“I think that the human spirit—for all its dark side that I here portray—is in essence heroic.” —Herman Wouk
I came up for air not long ago, after a two month immersion in the extended global conflict known as World War II. Herman Wouk’s The Winds of War and War and Remembrance—two volumes, 1,924 pages in all—were so compelling that if I could have put the rest of my life on hold, just to read, I would have.
I’d missed these best-sellers when they were first published in the ’70s and the subsequent mini-series of the ’80s. My history-loving son had read them as a freshman in high school and recommended them to me last summer. Having just spent a couple of years reading fiction and nonfiction around World War I, of which I’d previously known little, I was ready to move on. World War II seemed to me a more familiar subject. So many books and movies had covered the era that I wasn’t sure there was more to understand. I was wrong.
The brilliance of Wouk’s epic novels is in his ability to transport the reader into places and events around the world through the narrative of one American family and their circle of friends and loved ones. Wouk manages to make you care desperately about these characters, so much so that you find yourself willing to follow them anywhere. And follow them you will. The setting ricochets around the globe from Washington D.C. to Berlin, from Pensacola to Pearl Harbor, from London to Stalingrad, from the bowels of a submarine in the Pacific to the belly of a RAF bomber over Germany, from the Oval Office of the President to the gas chambers of Auschwitz. Wouk manages to weave the fictional Henry family’s story into the historical narrative and the lives of actual historical figures believably, and the contrivance to place his characters in these key global hotspots is hardly felt because the story he tells is so engaging.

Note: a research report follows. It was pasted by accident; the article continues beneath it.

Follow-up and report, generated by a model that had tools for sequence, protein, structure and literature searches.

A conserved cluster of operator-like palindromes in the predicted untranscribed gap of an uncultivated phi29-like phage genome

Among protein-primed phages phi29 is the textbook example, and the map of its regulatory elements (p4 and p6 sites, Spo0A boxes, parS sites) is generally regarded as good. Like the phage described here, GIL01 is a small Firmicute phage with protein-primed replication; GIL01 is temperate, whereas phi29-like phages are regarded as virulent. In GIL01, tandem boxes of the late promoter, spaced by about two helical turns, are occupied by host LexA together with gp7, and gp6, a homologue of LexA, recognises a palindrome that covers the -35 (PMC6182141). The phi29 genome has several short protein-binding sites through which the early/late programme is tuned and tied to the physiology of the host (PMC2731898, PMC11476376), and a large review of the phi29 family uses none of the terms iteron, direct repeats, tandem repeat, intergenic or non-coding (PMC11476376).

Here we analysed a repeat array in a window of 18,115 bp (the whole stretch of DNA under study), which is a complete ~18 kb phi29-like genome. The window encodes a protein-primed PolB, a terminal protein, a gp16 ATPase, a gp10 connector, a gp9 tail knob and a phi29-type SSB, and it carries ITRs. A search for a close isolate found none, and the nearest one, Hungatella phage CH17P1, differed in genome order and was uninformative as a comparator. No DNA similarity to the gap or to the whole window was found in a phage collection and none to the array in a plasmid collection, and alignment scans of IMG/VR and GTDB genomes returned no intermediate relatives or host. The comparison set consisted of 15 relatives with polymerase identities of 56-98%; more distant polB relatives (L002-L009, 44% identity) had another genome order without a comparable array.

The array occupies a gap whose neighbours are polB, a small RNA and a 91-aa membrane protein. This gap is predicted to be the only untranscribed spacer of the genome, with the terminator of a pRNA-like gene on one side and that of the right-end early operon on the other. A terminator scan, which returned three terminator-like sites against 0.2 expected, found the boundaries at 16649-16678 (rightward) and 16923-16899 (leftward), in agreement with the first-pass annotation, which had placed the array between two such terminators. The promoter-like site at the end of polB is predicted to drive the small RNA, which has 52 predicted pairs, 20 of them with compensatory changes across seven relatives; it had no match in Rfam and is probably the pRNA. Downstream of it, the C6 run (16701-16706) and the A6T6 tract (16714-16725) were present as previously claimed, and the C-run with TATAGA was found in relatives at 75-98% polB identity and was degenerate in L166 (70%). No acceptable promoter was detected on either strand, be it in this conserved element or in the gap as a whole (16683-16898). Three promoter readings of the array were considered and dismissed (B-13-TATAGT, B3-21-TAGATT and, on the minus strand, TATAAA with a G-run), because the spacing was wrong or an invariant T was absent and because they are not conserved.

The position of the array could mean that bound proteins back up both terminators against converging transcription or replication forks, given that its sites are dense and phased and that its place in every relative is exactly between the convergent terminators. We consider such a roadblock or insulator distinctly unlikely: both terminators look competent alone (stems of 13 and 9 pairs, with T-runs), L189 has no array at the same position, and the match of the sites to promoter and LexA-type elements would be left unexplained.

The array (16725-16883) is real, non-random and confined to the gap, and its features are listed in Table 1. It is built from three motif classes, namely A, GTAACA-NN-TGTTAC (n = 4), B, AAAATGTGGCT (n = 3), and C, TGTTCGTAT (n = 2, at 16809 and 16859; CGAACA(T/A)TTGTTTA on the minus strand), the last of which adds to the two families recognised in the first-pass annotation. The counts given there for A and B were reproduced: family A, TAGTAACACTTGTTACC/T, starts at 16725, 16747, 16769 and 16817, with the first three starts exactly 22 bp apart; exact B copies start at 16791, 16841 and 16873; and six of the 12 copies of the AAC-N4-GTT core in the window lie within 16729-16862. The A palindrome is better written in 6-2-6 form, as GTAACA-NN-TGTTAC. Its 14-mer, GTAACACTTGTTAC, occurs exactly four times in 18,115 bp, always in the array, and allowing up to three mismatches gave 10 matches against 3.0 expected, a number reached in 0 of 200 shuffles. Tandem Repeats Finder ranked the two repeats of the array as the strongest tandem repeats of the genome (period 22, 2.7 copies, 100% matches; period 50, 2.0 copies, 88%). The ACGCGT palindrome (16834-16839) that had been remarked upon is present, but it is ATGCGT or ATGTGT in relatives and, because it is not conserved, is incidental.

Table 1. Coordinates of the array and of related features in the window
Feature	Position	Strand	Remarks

Harrowing, yet fascinating, the novels engendered in me a newfound appreciation of just what was at stake in this conflict that Wouk called “the worst world catastrophe” and how the geopolitical map changed because of it. One can’t help but wonder about the countless ‘what if’s’ as well. What if the British hadn’t been able to hold out against the Nazis as long as they did and England had succumbed to Hitler? What if Hitler hadn’t opened the eastern front in Russia? What if Germany had succeeded in developing the atomic bomb before the United States? And the big what if: What if the Allied nations had recognized the cancer that was metastasizing in Germany in the 1930s and intervened when Hitler invaded Austria and Czechoslovakia?
I can’t remember when I’ve read such an enthralling work of historical fiction, the kind that tells a character-driven story so well that you find yourself absorbing the history of the time almost as a by-product. The kind that makes you more appreciative than ever of all of the courageous men and women who served then and serve now.
Appendix: After writing this review, I came across this Atlantic article on Herman Wouk, who turned 100 this year. Despite winning the Pulitzer for The Caine Mutiny, Wouk has not received his critical due from the literary establishment. The issues are addressed here.